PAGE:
Brian Eno’s solo beginnings in the early Seventies were a fruitful period for the then suggestive, kimono wearing glamour boy. Long before his identity as modern electronic deity come wizard from space was fully realised. Armed with a new found freshness at being liberated from the apparent Ferry lead, chart-topping pop dictatorship. Eno set about moulding and forming his solo career. After a brush with King Crimson front man Robert Fripp in a short-lived project called “Pussyfooting” Eno started work on what would turn out to be one of the most innovative, avant-garde and unwashed albums of the so-called Glam period.
Released on a bed of rumours including mysterious porn collections and shaved “Japanese style” pubic regions, ‘Here Come The Warm Jets’ was the first roaring, often deranged offering from the glossy libertine showboater. 1974 saw it’s release to widespread praise and an almost unrelenting wave of pop press acclaim. Much to the disdain of Mr Ferry, it was recorded with the help of most of Roxy Music’s other members and with the lounge-lizard’s walls knocked down they sure did flourish. From the moment Eno and co start swaggering through ‘Needles in the Camel’s Eye‘ you get a flavour of what is to come. His great ingenuity when using two drummers in parallel and far-out sonic batterings from Manzanera on guitar are not short of inspiring.
Warm Jets doesn’t fail to impress and is one of those records that make you “Move in a funny sort of way”, as he put it when referring to a certain Mr Gary Glitter. Eno claimed Needles in the Camel’s Eye was an “instrumental with singing on it” which doesn’t baffle the mind when you hear those train wreck notes combusting in a glam rock foray, the lyrics become less than essential. More so – as Eno so often rambled – the syllables and phrasing are of top priority, cramming as much aggression in with words based on sonic effectiveness.
This record was a definite (and very decadent) kick in the teeth for Ferry and with the tongue-in-cheek mockery that is “Dead Finks Don’t Talk” Eno wasn’t going down the covert road. It had only been 3 months since Eno had gone packing from his old outfit, so the record is seemingly rife with sarcasm and pokes surely aimed in Ferry’s direction. Another highlight of Warm Jets is the stomping surge of stinging sarcasm “Baby’s on Fire”. Like a psychotic ode to love, it sizzles and snaps taking no prisoners in a somewhat naïve, primative way. Eno in a 1974 interview with Chrissie Hynde for NME said regarding Babys on Fire “I like taking something that’s played down – low-key – contrasting with a voice that’s very anguished, making the whole sound grotesque and aggressive in a pathetic and laughable way. ‘Baby’s On Fire’ starts out as though it’s going to be very sinister, but has very ordinary words, sung with an incredible amount of passion.”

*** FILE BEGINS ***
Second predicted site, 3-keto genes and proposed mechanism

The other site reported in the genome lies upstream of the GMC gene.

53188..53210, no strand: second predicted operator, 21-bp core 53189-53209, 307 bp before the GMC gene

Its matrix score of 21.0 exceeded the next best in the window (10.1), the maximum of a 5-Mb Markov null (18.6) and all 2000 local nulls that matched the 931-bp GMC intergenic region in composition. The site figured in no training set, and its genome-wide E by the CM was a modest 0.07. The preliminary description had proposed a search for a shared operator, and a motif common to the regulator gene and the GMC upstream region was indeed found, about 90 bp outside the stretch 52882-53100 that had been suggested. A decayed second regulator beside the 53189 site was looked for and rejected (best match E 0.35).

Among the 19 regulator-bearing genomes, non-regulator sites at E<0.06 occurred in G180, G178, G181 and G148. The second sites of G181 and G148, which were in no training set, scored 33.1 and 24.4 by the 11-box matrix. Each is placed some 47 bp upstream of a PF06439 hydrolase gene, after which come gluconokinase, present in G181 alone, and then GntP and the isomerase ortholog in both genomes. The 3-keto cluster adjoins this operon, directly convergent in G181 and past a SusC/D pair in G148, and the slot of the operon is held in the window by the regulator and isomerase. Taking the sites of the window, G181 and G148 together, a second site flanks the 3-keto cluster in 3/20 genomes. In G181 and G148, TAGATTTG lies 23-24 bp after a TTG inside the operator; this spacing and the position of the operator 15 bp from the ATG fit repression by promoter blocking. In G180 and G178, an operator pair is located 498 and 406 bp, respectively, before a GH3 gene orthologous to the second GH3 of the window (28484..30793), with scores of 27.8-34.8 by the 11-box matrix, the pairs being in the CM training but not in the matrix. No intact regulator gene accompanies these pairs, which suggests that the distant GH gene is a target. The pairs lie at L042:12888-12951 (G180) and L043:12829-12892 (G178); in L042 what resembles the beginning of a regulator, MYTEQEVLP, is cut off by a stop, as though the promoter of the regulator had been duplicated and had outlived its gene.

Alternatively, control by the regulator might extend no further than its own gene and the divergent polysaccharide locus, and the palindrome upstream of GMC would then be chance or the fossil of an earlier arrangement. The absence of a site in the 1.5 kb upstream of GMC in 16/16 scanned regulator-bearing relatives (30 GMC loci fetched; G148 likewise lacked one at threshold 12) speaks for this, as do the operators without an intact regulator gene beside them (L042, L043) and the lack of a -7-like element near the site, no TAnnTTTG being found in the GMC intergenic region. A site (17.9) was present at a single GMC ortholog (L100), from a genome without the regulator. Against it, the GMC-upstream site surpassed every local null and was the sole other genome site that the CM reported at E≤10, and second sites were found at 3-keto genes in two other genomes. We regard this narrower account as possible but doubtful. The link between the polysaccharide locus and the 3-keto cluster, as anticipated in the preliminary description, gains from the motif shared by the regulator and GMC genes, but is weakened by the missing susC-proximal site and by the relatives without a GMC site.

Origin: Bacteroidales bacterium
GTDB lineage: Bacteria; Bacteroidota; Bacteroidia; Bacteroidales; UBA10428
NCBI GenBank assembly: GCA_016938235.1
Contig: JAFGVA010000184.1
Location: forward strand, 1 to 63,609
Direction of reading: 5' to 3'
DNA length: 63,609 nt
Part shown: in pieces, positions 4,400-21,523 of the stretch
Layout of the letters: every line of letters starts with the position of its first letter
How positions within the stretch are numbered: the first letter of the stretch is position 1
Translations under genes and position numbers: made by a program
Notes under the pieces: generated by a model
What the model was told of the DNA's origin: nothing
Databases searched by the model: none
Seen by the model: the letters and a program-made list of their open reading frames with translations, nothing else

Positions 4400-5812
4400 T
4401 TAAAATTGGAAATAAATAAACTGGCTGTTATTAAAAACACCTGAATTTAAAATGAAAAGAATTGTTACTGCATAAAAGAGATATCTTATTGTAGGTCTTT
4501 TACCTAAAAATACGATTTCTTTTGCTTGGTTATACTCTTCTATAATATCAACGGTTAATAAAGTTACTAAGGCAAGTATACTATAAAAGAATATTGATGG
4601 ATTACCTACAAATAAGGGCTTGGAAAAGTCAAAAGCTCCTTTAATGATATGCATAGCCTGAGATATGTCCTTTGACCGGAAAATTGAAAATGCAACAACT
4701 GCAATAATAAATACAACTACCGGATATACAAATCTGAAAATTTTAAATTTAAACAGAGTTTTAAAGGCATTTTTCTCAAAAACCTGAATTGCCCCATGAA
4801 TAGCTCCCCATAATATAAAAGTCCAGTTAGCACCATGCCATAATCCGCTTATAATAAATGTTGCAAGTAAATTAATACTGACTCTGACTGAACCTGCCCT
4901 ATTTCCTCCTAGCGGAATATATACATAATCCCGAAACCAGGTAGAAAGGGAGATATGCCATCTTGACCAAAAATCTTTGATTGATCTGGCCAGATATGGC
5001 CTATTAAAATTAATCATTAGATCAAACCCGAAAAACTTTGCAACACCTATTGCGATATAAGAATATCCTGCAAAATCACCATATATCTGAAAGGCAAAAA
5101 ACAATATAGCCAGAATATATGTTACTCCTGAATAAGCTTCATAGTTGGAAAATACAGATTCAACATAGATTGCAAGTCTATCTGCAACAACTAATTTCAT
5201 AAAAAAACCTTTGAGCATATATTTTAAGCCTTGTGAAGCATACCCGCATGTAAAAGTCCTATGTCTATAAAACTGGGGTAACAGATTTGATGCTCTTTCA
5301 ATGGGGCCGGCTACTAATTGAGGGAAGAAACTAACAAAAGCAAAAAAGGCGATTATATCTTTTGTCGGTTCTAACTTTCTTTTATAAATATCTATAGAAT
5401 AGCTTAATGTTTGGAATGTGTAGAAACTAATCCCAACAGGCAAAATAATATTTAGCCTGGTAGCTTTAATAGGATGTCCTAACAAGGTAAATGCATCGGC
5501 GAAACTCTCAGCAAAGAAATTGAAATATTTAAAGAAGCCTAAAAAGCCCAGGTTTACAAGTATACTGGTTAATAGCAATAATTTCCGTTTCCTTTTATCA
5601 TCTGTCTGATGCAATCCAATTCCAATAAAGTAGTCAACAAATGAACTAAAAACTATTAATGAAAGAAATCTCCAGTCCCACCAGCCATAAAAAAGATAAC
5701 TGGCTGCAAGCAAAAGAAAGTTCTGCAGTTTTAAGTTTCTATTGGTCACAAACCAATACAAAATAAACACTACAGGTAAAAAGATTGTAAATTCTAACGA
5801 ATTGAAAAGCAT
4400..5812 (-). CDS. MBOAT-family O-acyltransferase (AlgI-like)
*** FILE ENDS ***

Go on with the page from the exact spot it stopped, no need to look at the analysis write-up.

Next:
This passion and grotesqueness is just what you get in droves on ‘Here Come The Warm Jets’ and what listenable freakish material is it. With Musicians such as Robert Fripp and John Wetton of King Crimson, Bill MacCormick of Matching Mole, Simon King from Hawkwind, Roxy Music (minus Ferry) and producer Chris Thomas it was never going to be anything but a vibrant ear gouging LP. When recording the track ‘On Some Faraway Beach’ they even sampled a ridiculous 27 different pianos to achieve the desired effect. This is a record full of intriguing and just plain barmy ideas that has to be heard. Surely a contender for the best pre-ambient Eno.
It is said that while recording Eno communicated with the musicians almost solely through dance and body language. So i’ll leave you with the image of our glittery, snappy Englishman – dressed like a french aristocrat – doing just that. Oh and “Singing nonsense” and as he put it.
Stand out tracks:
‘Needles in the Camel’s Eye’
‘Babys on Fire’